Mike Thomas

Mike Thomas P.Eng. ENV SP, is the author of UrbanWorkbench.com and Director of Engineering at the City of Revelstoke in the Interior of British Columbia, Canada. If I post something here that you find helpful as you navigate the world of engineering, planning and building communities, that’s wonderful. But when push comes to shove: This is my personal blog. The views expressed on these pages are mine alone and not those of my employer.

2 thoughts on “The Value of Place for Small Communities

  1. Not much of a future for towns where large industries refuse to pay municipal taxes. It certainly sets an interesting precedent for the rest of us taxpayers and it must give local gov’t serious concerns.

    1. This is true, particularly when the Mayor says [paraphrased], “We need the tax dollars to survive!”, and the city crews have been out planting new beds of annuals to beautify the town.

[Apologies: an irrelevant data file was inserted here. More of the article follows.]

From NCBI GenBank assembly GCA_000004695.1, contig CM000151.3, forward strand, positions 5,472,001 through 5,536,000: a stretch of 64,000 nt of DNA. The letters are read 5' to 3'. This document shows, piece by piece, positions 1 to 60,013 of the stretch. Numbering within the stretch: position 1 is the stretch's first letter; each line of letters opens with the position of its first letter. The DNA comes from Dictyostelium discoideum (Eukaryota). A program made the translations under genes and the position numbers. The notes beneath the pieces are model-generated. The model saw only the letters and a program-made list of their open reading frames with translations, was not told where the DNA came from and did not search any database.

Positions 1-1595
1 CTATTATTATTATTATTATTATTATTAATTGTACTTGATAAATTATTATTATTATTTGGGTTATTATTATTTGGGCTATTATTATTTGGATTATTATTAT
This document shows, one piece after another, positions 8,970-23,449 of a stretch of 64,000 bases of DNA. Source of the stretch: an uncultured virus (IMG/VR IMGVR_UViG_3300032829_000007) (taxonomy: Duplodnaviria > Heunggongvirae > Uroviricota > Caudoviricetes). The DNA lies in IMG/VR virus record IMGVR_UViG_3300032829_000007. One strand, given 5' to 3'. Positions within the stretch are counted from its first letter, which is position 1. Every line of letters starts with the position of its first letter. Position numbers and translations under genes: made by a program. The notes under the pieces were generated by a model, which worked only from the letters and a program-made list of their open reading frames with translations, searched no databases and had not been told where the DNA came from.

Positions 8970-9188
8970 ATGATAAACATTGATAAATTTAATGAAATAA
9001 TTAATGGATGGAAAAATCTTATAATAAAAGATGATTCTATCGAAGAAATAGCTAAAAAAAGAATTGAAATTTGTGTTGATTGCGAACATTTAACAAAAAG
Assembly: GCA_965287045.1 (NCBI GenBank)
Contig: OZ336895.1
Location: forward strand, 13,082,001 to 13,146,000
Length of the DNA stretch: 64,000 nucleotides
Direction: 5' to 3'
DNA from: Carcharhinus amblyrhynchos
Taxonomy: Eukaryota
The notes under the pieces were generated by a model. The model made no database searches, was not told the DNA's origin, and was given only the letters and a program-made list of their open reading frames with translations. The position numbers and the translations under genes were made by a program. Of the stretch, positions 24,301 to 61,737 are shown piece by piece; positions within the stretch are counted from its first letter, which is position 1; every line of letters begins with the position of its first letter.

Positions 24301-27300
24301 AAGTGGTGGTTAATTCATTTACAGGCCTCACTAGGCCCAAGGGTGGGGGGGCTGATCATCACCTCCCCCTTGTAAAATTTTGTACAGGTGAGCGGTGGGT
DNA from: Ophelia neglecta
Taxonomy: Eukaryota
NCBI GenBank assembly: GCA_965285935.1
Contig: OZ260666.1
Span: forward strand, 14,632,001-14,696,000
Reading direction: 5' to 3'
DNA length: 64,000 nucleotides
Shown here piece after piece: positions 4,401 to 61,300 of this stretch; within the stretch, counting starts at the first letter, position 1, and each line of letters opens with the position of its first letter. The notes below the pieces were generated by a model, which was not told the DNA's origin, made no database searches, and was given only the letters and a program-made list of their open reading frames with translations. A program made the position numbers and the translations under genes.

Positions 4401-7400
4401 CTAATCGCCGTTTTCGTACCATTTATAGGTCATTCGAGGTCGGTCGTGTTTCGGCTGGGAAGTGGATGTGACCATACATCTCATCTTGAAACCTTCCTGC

Essentially, the industrial tax rate has been a business income tax in all but name, and has been based on the premise that they make a whack of money, so why not whack them for some taxes. There could be a solid legal challenge on this issue, certainly Castlegar is not alone in the practice, so it will have consequences in all BC municipalities if the courts rule in favour of the industries.